Welcome to Barts Tree Service – Tree, Stone, and Stump Grinding services across Connecticut.
Quality Work, Quick Response, Reasonable Rates
Barts Tree Service is family owned and operated out of Danbury Connecticut. We are dedicated to providing progressive and sustainable tree solutions to your landscape needs. Our team of arborists are highly skilled in all facets of tree care and work to educate the consumer on the best way to achieve their goals.
Our service area includes Fairfield county, Westchester county, southern Litchfield county and north western New Haven county.
Our goal at Barts is to develop standing relationships with our clients that exceed customer expectations while keeping safety and service foremost. This approach combined with our trademark thorough cleanup and attention to detail leaves each job site looking better than we found it.
Our services include:
Barts Tree Service is fully insured with liability and workers comp
Licensing & Certifications:
CT HIC # 0625619
CT Arborist # S-6028
CT Commercial Pesticide Application # B 3017
ISA Certified Arborist # NE-6959A
TCIA Certified Treecare Safety Professional (CTSP) # 1312
We’ve been busy strapping on our gear and climbing up on roof tops to shovel the heavy snow loads on peoples roof tops. Additionally we have been removing lots of ice dams that are backing up into people’s walls and windows from all the snow.
Many trees and shrubs can be disfigured and killed by road salt (Sodium chloride or Calcium Chloride). Sodium Chloride is used primarily since its less expensive but its also more damaging to plants. Late season applications of salt are more harmful to trees since there is less time and run off to leach salt from the soils near root zones.
- The worst damage occurs to sensitive species planted near heavily salted roads with high traffic, especially when they lie downhill, downwind, or have poor drainage.
- Salts cause damage two ways:
- Direct contact with foliage (Spray zone damage) which is typically seen on evergreens along roadways.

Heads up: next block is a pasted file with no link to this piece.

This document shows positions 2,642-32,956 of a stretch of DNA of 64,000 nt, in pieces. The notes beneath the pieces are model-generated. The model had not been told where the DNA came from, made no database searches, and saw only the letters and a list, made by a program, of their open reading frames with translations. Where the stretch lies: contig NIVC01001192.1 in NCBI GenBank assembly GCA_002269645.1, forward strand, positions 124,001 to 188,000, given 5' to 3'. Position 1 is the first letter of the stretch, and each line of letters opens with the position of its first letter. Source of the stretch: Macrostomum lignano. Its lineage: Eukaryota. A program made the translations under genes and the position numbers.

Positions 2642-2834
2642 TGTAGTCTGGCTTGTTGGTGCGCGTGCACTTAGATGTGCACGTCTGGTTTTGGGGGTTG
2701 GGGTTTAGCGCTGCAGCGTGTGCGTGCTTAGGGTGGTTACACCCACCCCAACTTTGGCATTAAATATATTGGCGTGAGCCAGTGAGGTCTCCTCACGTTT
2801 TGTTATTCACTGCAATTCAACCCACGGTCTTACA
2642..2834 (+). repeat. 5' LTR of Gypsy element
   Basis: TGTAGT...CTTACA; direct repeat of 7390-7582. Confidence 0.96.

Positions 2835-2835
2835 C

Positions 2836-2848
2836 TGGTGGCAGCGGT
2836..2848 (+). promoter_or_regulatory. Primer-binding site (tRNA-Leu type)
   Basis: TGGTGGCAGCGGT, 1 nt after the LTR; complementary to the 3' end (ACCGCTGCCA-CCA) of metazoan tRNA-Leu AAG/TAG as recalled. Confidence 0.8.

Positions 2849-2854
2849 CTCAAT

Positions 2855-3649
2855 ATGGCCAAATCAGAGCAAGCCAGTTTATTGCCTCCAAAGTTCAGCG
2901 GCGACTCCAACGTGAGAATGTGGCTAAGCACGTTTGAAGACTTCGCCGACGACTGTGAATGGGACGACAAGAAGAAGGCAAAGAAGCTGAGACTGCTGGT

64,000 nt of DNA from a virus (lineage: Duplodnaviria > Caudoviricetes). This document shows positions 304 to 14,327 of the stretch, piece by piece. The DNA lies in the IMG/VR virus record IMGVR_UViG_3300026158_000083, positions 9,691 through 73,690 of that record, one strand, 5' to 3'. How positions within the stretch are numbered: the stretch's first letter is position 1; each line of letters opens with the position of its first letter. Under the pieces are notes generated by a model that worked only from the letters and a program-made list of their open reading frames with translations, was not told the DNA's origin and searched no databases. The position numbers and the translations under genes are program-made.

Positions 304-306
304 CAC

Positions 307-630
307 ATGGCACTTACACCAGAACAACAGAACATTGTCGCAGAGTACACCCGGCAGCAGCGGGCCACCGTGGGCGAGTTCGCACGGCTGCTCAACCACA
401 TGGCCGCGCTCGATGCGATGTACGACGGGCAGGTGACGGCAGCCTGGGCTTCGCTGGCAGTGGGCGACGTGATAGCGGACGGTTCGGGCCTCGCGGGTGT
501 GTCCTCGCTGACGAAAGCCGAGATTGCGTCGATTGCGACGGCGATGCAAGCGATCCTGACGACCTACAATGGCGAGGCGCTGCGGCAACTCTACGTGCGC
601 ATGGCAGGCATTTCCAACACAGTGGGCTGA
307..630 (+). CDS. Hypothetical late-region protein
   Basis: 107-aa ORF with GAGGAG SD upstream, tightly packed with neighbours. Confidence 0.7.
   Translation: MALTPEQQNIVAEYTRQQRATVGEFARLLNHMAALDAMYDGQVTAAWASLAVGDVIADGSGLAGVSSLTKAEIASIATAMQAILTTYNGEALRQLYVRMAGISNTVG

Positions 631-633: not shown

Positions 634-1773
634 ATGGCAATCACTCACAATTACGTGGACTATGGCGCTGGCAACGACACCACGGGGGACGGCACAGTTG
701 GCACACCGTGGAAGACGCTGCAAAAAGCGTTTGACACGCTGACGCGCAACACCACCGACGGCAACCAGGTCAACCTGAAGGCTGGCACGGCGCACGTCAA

- The second method is through chemical modification of the soil where as plants uptake salt ions through the root system which then reaches toxic levels and scorches the foliage.
- Uptake of the salt ion also slows tree growth and increases stress by interfering with nutrient availability.
How can salt damage be recognized?
- Winter: look for “witch’s brooms” (cluster of twigs growing out of branch ends) on deciduous trees, yellow tips on evergreen needles.
- Early Summer: look for marginal leaf scorch on deciduous trees, yellow, brown, or fallen needles on evergreens–especially on the side toward the road.
- Other problems can produce the same symptoms, so examine the whole plant and site.
The following common trees are usually severely damaged by road salt:
- red maple (Acer rubrum)
- sugar maple (A. saccharum)
- hackberry (Celtis occidentalis)
- black walnut (Juglans nigra)
- Norway spruce (Picea abies)
- white spruce (P. glauca)
- white pine (Pinus strobus)
- Douglas fir (Pseudotsuga menziesii)
- pin oak (Quercus palustris)
- littleleaf linden (Tilia cordata)
What can I do about it?
- Plant salt-tolerant species such as ashes, callery pears, ginkgo, hawthorns, honeylocust, London plane, tolerant maples (Norway, hedge, or sycamore), English and red oak, tolerant pines (Austrian, pitch, or Japanese black), Sargent cherry, or Scholar Tree.
- Reduce salt application rates, lower the throwing distance, and apply before roads freeze.
- Use a less harmful product such as CMA or IcebanTM, and mix in inert materials like sand.
- Wash salts off foliage with fresh water soon after exposure
- Avoid piling snow containing salt around plants or where runoff will effect plants
- Raise the planting site, or block off the trees from the road with a barrier.
- Improve drainage or adjust grade, so salt is easily leached away from trees.
- Leach salts from soil in root zone area by repeating applications of fresh water after the ground is no longer frozen. This is probably the most effective way to reduce soil salinity problems.
- Incorporating organic matter like gypsum or activated charcoal has been found to reduce salt damage in some cases but is a slow process.
For further information on this subject the CT Agricultural Experiment Station published a paper on this. Click here
We received a very nice note from Mrs. Reuthera’s 2nd grade class here in Danbury.
Dear Barts Tree Service,
I can’t fully express my joy, excitement, and thanks for your donation to my project. It is great to see that you share my vision for reaching children.
The tools that you have funded will enable students to read stories at their reading ability without worrying of another passing judgment. It will teach kids to use their voice while reading and bring back the excitement into reading a story.
Thank you so much. I can’t wait to introduce these tools to the children.